On climate change, Mr. Dhoinine emphasized the importance of conserving and using the oceans, seas and marine resources for sustainable development. He also said that, in the same way, leaders should promote the sustainable use of terrestrial ecosystems and forests, and combat desertification and land degradation.
He also urged efforts to build peace and accountable institutions, as well as to ensure a world without poverty and inequalities.
Mr. Dhoinine also addressed the consequences of war, which have resulted in millions being forced “to leave homelands and board makeshift boats and live in inhumane conditions,” as well as “barbarous acts perpetrated by terrorist movements.”
Meanwhile, the Prime Minister of Vanuatu, Meltek Sato Kilman Livtuvanu, told the Assembly that climate change continued to be a major challenge for the world and a major threat for SIDS.
Mr. Livtuvanu said “if we do not resolve this global crisis today, then we are running a risk of creating a world where there is no prospect for sustaining peace and security.”
“The link between climate change and sustainable development is clear,” Mr. Livtuvanu emphasized. “Without addressing climate change, sustainable development for SIDs cannot be achieved.”
He outlined how, in March this year, his country experienced a category 5 tropical cyclone that affected 60 per cent of the population and 64 per cent of its economy. “In our current assessment, it will take many years and more than $500 million to rebuild our economy,” he added.
Mr. Livtuvanu said that Pacific island leaders continued to voice their concerns on climate change at international fora, calling for a legally binding agreement limiting global average temperature increase to well below 1.5 degrees centigrade above pre-industrial levels.
Prime Minister Tuilaepa Lupesoliai Sailele Malielegaoi of Samoa devoted the majority of his address to the General Assembly to the issue of climate change and SDG goal 13, particularly as it pertained to small islands.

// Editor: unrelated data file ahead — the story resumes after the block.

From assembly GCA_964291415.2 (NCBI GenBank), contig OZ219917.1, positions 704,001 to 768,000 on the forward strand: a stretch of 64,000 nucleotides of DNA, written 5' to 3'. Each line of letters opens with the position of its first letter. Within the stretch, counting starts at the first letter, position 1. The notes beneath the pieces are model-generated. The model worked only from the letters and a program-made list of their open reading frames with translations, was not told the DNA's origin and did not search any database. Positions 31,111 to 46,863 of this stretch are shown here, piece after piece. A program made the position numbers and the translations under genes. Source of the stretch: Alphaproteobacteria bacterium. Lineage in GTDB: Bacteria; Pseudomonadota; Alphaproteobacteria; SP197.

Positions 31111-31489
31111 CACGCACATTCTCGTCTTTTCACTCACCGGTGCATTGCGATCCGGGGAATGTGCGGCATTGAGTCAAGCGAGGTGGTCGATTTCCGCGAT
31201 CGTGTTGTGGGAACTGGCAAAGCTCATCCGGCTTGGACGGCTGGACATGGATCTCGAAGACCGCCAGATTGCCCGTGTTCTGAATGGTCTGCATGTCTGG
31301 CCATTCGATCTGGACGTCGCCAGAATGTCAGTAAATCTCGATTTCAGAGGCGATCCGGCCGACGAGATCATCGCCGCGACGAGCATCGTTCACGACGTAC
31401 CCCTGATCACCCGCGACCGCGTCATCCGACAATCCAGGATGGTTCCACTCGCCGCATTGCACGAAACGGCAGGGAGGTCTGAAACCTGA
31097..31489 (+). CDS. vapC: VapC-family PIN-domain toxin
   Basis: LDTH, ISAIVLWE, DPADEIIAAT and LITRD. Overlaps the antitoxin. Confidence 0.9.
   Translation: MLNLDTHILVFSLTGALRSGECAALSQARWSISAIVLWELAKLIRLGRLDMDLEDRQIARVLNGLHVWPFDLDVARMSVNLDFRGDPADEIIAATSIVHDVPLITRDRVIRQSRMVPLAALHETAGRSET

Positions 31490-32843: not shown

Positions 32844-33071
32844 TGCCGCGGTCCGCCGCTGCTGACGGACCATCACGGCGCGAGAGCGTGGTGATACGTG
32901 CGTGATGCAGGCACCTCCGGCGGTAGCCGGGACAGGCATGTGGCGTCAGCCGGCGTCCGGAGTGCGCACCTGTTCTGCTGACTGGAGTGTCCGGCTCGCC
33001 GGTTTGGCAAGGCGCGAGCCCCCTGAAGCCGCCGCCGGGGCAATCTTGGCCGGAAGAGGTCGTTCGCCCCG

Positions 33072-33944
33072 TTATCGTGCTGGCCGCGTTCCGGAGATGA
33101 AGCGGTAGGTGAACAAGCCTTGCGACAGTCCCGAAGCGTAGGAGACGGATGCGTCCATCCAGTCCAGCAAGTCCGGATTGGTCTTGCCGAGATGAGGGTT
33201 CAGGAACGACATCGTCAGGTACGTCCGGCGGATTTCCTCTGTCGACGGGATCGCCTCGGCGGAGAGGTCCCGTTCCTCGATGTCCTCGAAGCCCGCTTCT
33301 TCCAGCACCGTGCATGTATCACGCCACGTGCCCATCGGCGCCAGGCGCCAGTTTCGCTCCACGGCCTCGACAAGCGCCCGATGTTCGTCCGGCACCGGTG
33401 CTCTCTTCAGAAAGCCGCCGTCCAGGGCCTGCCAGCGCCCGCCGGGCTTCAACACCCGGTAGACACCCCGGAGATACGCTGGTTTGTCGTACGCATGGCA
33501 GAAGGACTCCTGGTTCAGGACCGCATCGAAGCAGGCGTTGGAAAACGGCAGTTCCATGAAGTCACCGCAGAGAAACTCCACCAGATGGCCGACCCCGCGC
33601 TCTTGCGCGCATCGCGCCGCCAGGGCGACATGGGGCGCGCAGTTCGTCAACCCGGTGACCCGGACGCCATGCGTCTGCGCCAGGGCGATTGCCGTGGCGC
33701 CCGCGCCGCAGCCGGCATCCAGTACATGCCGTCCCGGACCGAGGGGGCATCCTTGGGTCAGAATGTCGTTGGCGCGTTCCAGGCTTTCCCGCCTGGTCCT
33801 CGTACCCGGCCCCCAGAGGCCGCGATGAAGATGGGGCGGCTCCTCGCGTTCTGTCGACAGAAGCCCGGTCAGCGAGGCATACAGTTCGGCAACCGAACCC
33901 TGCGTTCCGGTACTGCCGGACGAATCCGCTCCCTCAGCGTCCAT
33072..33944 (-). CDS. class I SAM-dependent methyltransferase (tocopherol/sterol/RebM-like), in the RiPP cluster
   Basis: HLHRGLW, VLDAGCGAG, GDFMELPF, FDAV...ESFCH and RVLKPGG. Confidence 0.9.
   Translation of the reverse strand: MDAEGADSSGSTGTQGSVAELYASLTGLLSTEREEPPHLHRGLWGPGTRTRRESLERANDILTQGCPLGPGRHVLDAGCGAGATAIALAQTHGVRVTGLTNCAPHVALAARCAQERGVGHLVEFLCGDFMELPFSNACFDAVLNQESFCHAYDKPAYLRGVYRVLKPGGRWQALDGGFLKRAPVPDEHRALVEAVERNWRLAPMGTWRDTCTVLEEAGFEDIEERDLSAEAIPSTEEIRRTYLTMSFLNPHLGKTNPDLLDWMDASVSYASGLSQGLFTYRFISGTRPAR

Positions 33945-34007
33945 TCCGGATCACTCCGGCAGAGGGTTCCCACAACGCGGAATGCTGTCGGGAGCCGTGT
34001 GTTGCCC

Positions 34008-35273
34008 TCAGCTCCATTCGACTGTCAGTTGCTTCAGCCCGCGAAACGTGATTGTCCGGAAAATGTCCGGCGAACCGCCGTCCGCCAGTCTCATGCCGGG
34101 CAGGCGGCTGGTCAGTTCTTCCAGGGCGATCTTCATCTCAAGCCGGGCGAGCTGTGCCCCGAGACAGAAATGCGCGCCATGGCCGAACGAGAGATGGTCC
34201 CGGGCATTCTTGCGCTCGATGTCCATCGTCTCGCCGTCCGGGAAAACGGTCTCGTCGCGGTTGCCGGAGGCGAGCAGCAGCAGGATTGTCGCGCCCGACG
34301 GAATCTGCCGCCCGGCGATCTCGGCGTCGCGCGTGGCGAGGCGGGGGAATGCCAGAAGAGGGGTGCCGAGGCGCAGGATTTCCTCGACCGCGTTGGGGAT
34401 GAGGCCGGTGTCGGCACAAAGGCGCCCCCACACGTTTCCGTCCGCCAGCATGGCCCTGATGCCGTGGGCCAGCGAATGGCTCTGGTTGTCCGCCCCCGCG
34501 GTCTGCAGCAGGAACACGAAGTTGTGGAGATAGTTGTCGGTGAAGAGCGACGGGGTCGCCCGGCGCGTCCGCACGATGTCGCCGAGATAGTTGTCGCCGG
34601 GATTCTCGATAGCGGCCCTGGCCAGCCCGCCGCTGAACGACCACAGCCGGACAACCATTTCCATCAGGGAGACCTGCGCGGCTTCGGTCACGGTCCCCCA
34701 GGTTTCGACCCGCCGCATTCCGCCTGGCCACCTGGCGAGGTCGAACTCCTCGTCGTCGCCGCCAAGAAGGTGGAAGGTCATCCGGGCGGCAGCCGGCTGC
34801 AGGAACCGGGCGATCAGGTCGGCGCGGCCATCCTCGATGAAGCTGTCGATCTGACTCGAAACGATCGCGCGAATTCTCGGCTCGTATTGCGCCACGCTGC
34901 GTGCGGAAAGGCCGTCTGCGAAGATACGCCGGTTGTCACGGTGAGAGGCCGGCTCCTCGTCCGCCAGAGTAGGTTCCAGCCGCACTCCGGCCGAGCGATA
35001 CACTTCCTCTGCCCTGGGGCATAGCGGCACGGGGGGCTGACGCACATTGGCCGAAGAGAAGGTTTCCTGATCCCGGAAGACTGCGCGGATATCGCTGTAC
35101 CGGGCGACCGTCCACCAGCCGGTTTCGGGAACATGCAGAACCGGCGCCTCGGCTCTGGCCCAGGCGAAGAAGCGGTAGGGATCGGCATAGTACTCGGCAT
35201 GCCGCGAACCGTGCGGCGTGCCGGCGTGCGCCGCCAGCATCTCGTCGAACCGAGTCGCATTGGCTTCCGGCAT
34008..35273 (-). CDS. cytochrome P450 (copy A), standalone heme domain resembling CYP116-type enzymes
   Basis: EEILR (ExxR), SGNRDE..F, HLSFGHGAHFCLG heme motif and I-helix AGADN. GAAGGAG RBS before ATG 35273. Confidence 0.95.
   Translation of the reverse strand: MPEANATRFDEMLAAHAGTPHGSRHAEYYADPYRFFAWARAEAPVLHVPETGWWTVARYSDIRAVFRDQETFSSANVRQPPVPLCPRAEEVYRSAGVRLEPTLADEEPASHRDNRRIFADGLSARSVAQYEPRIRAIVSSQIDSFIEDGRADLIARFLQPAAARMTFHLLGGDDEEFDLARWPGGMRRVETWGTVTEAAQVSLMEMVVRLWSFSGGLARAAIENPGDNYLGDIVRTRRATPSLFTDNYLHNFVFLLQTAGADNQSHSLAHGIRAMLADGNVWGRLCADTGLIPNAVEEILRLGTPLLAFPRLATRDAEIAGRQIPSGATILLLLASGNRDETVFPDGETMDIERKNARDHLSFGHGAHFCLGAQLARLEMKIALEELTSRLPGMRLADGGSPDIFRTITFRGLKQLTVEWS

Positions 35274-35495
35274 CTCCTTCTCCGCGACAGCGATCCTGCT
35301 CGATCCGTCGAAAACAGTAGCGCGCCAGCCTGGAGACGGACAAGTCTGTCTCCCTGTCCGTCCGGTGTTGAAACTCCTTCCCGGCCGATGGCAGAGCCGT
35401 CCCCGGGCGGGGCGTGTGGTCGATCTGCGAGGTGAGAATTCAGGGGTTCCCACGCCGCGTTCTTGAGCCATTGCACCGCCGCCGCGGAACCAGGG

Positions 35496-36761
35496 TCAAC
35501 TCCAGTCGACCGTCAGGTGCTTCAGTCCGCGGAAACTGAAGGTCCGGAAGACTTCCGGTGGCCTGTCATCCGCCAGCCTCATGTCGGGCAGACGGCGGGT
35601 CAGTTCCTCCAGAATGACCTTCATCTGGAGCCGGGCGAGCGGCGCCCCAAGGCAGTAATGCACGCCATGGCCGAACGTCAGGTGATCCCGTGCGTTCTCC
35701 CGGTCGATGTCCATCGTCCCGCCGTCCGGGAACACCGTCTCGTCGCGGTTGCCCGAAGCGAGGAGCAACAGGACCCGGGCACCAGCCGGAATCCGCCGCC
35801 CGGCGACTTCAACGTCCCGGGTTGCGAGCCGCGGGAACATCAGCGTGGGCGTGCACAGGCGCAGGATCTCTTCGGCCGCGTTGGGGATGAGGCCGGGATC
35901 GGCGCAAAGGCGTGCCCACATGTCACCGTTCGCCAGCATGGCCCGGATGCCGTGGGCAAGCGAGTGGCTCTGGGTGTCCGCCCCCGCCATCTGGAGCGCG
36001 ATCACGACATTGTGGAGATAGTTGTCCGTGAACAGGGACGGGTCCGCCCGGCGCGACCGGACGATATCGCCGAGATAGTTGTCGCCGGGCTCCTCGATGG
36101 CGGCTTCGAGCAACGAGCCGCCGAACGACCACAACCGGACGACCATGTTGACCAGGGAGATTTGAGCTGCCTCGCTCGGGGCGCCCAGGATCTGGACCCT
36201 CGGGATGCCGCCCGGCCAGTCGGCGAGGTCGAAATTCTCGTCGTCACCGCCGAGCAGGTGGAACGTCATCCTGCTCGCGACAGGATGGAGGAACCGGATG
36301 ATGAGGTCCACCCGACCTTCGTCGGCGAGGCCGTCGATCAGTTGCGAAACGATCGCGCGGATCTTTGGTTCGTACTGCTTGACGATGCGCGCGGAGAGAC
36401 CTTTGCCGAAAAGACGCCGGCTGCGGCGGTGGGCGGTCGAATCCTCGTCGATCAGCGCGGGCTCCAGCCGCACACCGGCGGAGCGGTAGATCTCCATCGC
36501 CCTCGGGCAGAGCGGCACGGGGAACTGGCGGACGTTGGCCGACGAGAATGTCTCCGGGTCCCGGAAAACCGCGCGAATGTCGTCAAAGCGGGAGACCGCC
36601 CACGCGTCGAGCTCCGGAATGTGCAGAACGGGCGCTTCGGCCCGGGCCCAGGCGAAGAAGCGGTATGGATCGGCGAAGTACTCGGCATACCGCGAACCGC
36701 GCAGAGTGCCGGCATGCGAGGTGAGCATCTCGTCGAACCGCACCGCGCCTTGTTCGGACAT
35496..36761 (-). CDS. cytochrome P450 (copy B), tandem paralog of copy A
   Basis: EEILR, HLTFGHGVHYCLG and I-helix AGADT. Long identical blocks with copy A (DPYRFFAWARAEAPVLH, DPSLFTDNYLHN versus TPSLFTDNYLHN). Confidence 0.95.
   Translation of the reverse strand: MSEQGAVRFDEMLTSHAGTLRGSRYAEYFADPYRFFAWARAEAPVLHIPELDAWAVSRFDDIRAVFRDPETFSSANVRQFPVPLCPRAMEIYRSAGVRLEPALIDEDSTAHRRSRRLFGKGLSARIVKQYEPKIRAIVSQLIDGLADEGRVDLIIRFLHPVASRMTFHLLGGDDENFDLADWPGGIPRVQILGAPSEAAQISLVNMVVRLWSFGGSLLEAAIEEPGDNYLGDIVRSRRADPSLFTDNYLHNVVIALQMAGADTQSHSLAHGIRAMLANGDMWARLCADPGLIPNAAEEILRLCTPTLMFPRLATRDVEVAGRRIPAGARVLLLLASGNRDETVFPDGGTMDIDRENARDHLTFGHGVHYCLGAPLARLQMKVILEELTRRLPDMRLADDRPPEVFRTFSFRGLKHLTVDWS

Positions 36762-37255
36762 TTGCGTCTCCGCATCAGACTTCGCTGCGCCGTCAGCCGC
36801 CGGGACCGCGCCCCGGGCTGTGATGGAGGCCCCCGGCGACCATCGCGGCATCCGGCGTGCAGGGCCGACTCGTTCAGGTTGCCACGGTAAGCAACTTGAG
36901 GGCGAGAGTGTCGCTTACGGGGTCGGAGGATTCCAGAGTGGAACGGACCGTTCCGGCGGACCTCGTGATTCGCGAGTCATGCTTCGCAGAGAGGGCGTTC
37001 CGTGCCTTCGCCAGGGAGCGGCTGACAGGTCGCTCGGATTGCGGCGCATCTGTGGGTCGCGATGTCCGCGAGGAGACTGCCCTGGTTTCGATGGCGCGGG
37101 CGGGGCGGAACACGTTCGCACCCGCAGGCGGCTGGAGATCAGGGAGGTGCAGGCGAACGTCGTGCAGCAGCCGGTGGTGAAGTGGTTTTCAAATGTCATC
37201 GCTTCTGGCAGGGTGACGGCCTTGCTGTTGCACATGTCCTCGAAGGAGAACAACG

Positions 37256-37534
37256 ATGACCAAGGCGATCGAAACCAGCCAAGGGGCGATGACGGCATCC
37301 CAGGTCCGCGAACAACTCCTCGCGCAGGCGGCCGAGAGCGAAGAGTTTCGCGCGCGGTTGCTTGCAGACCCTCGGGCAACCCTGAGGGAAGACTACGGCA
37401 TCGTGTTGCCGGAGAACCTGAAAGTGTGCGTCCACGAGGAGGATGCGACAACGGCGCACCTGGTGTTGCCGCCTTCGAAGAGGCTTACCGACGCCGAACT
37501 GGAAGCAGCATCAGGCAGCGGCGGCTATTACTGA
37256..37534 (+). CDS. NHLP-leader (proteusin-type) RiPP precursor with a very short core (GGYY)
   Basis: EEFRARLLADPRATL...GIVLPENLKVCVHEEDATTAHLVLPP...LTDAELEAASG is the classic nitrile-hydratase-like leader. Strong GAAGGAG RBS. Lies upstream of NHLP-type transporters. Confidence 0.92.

He described climate change as “the single most urgent challenge confronting mankind,” adding that it is “facilitated largely through human-induced activities driven for the most part by profit motives, with some degree of insensitivity to the consequences of such action on others.”
He noted that climate change is also a security risk.
“For some of the low lying Pacific island countries, climate change may well lead to their eventual extinction as sovereign States,” he warned.
“Against the backdrop of the existential threat climate change poses especially to atolls and low lying islands, SIDS have long been advocating for ambitious mitigation efforts by member states with the capacity to do so, and for a global goal of limiting the rise in average global temperature to well below 1.5 degrees Celsius to prevent some of our low-lying islands from being submerged by sea level rise,” he cautioned.
He also noted the importance of the upcoming climate change conference in Paris, emphasizing that it required “a new brand of cooperation and broad outlook.”
“A durable climate change agreement in Paris is therefore a test of multinational solidarity,” he said. “Time is running out.”